Search PMN  


PDF version
for printing

Peer Reviewed

© 2013 Plant Management Network.
Accepted for publication 2 April 2013. Published 30 July 2013.

Screening Selected Gulf Coast and Southeastern Forest Species for Susceptibility to Phytophthora ramorum

Jason A. Preuett, Urban Forestry Program, Southern University and A&M College, Baton Rouge, LA 70813; Daniel J. Collins, Department of Agriculture, Alcorn State University, Alcorn State, MS 39096; Douglas Luster and Timothy L. Widmer, USDA Agricultural Research Service Foreign Disease-Weed Science Research Unit, Fort Detrick, MD 21702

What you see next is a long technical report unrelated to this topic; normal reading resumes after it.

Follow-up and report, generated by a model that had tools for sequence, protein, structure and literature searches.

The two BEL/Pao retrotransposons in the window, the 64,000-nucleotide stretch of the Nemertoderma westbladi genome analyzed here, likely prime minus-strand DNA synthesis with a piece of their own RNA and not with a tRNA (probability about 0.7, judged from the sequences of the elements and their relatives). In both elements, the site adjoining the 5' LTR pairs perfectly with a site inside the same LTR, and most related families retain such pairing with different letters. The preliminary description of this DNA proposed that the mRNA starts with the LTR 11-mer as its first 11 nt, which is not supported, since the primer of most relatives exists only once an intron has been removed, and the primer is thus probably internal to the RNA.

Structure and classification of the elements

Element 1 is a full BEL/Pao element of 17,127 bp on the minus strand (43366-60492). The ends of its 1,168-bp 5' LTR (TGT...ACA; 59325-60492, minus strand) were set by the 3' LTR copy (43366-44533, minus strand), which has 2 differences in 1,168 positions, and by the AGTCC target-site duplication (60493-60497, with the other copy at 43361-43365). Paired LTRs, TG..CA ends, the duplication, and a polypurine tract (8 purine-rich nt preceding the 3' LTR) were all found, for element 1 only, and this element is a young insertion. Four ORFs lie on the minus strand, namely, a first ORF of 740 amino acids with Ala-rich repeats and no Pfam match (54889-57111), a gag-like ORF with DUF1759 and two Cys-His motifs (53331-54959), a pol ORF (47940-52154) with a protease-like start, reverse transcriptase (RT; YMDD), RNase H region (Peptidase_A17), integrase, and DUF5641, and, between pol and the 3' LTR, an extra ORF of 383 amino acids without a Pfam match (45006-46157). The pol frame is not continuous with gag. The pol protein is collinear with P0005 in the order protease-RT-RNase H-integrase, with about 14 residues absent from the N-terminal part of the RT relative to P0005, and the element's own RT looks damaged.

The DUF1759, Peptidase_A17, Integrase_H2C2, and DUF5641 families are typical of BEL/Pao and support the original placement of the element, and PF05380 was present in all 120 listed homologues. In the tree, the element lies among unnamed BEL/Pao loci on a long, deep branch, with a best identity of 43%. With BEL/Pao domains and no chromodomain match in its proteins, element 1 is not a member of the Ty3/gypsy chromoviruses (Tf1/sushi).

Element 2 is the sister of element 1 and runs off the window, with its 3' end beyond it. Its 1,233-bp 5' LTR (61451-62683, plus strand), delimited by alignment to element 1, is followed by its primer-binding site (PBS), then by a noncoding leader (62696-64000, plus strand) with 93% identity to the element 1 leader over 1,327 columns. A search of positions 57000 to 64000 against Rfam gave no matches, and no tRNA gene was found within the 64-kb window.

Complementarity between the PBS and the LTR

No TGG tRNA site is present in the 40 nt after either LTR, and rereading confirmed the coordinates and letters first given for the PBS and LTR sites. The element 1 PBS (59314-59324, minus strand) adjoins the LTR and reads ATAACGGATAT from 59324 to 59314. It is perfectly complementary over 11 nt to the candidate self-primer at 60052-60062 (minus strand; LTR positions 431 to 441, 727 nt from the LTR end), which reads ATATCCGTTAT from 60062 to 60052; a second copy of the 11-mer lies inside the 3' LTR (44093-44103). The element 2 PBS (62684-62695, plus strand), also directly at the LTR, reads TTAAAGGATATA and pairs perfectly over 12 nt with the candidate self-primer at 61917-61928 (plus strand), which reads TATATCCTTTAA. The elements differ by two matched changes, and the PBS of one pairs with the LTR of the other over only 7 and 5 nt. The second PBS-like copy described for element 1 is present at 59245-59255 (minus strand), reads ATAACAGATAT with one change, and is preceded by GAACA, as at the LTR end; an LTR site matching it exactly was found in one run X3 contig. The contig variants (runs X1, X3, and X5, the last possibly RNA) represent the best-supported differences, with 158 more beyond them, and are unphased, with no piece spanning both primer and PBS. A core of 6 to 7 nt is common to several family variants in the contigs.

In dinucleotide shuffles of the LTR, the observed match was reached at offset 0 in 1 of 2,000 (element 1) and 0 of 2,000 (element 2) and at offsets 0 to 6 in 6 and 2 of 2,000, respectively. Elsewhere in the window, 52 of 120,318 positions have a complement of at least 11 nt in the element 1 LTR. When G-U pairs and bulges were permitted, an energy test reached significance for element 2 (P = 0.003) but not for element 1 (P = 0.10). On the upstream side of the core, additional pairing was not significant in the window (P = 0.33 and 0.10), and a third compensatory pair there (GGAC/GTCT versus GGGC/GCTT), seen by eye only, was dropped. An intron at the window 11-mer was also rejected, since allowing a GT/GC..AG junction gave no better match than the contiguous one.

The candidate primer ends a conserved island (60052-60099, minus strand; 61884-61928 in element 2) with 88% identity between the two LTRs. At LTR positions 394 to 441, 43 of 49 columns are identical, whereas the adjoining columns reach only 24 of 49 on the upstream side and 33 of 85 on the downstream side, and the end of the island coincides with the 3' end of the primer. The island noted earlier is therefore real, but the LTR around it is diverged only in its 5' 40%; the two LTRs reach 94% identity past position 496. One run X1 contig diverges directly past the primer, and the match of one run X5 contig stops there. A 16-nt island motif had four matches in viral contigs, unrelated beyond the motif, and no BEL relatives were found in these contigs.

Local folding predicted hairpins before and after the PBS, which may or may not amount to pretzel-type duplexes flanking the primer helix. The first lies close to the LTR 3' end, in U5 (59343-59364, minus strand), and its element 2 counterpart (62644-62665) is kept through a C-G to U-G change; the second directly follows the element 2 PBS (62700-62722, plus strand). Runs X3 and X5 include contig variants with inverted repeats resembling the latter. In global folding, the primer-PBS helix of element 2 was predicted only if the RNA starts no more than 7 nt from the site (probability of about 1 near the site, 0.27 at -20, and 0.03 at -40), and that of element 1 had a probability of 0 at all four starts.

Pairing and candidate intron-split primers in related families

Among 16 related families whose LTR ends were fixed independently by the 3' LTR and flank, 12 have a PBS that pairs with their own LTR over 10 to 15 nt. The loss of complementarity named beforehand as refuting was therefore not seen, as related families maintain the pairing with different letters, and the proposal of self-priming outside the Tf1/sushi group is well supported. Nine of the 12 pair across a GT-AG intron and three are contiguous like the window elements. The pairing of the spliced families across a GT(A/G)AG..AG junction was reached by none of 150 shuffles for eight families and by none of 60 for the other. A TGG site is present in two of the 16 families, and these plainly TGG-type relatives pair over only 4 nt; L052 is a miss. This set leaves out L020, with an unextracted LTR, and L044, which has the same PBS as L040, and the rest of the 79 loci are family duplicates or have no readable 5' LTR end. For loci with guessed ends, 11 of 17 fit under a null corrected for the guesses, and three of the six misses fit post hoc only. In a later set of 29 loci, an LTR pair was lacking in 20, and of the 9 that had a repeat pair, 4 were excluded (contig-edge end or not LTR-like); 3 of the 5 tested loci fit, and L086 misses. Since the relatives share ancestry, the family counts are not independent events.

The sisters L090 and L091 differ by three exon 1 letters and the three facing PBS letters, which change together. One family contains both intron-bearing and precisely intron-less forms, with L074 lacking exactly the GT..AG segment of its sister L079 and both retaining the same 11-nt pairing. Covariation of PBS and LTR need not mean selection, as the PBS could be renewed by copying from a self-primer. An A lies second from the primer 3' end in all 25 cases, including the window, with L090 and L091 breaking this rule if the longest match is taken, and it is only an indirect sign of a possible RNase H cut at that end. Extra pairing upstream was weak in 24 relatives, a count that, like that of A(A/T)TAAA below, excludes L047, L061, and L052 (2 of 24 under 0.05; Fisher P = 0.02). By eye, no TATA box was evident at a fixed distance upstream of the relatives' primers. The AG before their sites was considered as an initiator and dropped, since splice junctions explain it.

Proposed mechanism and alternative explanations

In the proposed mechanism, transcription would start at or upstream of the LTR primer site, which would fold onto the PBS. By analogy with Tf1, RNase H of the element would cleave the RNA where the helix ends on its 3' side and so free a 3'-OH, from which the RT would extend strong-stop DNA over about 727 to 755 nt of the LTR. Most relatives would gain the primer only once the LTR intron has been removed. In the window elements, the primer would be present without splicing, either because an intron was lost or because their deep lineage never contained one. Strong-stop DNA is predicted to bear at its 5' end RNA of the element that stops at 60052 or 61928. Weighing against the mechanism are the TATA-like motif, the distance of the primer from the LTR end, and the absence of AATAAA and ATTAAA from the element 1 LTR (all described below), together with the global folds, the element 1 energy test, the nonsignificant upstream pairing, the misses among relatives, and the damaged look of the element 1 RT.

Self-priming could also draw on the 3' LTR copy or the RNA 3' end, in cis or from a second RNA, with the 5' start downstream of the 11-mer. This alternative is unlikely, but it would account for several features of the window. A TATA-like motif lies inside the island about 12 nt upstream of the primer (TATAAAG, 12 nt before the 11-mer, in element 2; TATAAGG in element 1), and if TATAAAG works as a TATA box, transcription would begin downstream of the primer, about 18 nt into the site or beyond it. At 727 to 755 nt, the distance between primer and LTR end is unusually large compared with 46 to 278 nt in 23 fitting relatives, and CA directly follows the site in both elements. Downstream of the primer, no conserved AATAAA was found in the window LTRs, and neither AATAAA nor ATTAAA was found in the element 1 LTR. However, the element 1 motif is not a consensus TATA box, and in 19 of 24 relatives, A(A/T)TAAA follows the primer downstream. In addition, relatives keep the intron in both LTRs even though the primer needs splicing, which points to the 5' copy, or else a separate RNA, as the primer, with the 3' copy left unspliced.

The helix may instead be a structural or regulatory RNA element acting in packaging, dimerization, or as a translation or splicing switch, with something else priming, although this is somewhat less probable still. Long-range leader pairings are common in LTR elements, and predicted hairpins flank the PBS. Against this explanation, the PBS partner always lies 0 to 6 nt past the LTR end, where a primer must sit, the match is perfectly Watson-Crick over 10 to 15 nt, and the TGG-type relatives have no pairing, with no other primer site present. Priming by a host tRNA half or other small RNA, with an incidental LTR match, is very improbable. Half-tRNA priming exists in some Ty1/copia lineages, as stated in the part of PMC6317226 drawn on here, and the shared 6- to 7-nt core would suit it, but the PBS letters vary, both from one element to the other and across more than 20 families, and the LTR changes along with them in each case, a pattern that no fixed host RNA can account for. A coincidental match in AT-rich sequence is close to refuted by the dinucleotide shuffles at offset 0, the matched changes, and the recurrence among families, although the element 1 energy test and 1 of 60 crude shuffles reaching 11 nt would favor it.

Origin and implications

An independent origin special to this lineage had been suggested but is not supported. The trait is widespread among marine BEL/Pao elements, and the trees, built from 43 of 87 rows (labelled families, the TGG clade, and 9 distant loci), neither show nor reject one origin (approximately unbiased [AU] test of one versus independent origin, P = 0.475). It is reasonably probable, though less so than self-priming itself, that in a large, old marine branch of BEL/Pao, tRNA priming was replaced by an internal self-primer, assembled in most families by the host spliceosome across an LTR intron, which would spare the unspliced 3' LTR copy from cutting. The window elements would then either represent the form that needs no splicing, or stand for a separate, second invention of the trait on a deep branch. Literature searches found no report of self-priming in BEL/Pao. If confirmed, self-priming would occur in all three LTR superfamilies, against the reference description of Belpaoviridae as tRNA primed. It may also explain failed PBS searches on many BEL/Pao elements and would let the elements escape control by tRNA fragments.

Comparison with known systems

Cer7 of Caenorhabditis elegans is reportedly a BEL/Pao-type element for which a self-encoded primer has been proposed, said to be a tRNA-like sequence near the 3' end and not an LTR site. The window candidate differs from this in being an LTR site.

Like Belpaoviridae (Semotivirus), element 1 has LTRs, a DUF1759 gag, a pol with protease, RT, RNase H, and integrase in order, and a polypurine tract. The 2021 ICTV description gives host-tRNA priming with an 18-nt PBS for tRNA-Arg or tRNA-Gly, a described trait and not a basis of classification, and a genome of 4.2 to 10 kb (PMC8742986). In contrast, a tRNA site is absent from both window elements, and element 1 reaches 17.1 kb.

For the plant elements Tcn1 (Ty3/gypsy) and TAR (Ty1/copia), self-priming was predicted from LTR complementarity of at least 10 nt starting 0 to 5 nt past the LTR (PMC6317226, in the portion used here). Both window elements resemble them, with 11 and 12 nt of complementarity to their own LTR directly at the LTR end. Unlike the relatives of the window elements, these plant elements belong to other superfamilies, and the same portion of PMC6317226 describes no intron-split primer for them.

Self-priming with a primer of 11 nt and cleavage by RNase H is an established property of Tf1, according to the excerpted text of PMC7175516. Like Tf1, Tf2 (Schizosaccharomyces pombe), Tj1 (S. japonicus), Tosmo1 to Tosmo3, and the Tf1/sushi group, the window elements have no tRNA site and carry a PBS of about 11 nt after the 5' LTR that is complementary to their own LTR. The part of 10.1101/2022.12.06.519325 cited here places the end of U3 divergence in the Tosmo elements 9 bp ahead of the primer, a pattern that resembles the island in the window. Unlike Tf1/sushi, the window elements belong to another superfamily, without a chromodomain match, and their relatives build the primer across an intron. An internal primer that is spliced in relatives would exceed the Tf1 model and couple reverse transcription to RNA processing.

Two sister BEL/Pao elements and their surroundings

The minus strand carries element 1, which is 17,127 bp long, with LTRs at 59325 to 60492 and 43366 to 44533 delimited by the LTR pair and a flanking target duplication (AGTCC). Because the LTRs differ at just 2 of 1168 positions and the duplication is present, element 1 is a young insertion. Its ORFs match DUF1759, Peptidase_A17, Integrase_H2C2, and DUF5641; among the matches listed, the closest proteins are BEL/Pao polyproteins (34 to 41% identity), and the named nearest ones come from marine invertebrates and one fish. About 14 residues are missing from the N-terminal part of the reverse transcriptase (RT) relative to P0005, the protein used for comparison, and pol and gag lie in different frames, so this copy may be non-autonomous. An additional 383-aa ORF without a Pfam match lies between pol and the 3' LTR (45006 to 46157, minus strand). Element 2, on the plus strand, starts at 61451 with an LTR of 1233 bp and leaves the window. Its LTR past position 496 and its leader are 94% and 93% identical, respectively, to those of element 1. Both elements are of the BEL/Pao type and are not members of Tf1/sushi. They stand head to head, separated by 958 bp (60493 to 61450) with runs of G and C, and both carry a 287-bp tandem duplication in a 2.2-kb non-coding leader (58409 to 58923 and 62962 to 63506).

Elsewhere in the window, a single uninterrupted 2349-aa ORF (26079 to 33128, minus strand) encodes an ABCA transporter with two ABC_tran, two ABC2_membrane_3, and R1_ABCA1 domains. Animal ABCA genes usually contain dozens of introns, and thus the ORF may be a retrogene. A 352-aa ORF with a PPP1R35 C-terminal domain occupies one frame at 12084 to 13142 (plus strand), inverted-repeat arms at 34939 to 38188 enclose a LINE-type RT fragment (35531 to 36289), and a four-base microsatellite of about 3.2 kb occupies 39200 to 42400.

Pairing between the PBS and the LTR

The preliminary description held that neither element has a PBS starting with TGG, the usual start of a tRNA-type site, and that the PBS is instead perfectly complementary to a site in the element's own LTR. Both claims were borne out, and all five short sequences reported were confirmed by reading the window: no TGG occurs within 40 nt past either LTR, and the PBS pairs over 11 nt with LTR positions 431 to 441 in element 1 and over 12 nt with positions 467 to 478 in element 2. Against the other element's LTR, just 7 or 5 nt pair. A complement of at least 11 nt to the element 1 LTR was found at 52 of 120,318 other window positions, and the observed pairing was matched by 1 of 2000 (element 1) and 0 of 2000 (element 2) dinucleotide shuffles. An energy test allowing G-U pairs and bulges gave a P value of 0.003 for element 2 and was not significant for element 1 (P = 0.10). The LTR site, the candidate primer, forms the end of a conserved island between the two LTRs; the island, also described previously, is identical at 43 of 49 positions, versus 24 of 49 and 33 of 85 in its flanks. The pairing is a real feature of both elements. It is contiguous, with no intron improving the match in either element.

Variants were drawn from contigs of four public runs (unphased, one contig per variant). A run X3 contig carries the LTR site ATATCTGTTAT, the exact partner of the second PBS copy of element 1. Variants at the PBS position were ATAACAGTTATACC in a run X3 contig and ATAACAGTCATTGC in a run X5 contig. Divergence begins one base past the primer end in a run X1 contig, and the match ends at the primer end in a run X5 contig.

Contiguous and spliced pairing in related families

Corresponding author: Jason A. Preuett.

Preuett, J. A., Collins, D. J., Luster, D., and Widmer, T. L. 2013. Screening selected Gulf Coast and southeastern forest species for susceptibility to Phytophthora ramorum. Online. Plant Health Progress doi:10.1094/PHP-2013-0730-01-RS.